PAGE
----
“She was tall, full breasted and long limbed.  Her willowy, athletic figure reflected an unusual strength without detracting from her undeniable femininity.  An unruly mane of long, red-gold hair spilled over her shoulders, framing a smoothly sculpted face with a rosy complexion dusted lightly with freckles across her nose and cheeks. There was a softness in her features that bespoke a deep wellspring of compassion, yet a hint of iron resolve was there, too.  The color of emeralds glittered in her big eyes.” [Axler, 34][4]

I should note that there is no sexual appeal attributed to the individual’s role as archivist. With Jayne Castle’s hero, the woman allows herself initially to be attracted to the hero because she believes him, not powerless, but safe.  She dumps him upon his move to a CEO position but later takes up with him again and finds she doesn’t mind the more powerful character after all.  With Bevarly’s hero as well as the women archivists, it seems to be the contrast between the job and the individual that provides the sexual tension.  Perhaps a natural outgrowth of the naughty librarian stereotype, the archivist cum hottie serves as a less obvious but still clear contrast for those authors who wish to avoid the more clich├ęd character.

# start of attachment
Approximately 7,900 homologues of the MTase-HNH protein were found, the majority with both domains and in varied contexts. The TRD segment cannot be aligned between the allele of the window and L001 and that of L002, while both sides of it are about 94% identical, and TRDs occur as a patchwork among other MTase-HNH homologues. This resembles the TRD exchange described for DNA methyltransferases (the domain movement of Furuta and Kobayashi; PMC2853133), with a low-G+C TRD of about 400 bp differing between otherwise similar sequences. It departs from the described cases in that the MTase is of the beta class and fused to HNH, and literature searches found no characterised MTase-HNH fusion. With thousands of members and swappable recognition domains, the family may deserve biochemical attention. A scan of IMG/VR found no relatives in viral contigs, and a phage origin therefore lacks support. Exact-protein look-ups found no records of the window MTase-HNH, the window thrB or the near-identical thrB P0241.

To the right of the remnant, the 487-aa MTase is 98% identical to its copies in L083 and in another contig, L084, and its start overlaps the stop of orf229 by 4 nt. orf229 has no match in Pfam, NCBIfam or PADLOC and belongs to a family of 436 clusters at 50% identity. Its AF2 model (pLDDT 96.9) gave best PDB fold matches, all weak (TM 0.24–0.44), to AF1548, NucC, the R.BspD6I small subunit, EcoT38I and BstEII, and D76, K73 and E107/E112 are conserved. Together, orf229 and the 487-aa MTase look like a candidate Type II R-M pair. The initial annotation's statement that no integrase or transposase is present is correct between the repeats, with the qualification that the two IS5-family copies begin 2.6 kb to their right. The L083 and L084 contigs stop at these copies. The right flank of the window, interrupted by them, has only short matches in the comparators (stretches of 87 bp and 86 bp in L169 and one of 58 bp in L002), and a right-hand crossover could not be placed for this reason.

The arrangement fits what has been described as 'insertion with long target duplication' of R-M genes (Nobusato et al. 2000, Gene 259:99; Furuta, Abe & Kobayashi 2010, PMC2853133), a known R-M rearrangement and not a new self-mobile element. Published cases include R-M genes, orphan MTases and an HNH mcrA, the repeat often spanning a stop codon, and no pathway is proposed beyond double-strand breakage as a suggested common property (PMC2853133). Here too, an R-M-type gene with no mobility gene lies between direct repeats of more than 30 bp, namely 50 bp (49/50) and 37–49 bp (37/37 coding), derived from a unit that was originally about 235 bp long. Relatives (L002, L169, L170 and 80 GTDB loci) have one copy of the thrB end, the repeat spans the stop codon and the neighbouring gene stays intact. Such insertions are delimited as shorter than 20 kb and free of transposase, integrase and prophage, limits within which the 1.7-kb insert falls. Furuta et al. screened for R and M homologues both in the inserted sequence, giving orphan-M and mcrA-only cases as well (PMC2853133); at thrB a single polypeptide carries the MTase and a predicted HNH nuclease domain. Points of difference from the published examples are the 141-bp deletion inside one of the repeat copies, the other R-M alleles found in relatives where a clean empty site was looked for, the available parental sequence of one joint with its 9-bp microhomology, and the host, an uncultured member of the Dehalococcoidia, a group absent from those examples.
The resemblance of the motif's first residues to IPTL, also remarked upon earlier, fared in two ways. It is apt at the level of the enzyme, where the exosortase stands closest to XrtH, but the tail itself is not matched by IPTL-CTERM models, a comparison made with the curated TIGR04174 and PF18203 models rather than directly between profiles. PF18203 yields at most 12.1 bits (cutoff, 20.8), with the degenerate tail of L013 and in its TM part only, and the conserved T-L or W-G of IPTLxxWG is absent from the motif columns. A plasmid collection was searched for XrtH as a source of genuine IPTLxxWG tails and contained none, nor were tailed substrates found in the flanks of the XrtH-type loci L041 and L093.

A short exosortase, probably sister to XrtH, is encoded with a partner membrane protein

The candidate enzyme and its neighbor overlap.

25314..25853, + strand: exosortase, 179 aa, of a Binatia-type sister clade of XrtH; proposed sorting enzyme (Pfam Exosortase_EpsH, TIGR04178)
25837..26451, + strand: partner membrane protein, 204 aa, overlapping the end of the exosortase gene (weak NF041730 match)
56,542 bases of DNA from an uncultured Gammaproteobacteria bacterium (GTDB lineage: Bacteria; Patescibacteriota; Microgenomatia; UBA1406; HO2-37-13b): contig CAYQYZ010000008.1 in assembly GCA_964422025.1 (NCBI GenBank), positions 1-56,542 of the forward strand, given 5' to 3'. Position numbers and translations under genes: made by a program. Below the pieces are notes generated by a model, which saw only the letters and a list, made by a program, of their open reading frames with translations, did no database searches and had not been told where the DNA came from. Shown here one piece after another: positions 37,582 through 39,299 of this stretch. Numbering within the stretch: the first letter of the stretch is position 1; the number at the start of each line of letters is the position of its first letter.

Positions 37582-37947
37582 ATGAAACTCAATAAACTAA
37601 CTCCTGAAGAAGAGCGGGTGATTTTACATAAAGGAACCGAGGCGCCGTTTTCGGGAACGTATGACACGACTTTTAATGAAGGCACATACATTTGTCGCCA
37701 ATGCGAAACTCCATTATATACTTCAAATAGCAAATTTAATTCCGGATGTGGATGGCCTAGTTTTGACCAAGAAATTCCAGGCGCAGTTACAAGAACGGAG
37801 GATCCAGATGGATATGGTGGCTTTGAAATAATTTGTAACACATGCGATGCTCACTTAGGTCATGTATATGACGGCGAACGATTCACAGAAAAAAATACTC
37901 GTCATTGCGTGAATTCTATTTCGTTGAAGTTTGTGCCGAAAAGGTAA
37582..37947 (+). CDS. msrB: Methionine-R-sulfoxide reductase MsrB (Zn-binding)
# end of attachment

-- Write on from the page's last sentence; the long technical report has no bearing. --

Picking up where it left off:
The reason I’ve provided more detail about the Brigid Baptiste character is that her character serves as an excellent transition into the third section of the paper, that of archivists engaging in sexual activities.  The truth is, for all her sexiness and desirability as documented over, and over again in the Outlander novels, Ms. Baptiste never engages in sexual activity except in an occasional flashback, dream sequence, or while having an out-of-body experience.  Having said that, fictional archivists, sexy or not, do indeed enjoy sexual activity.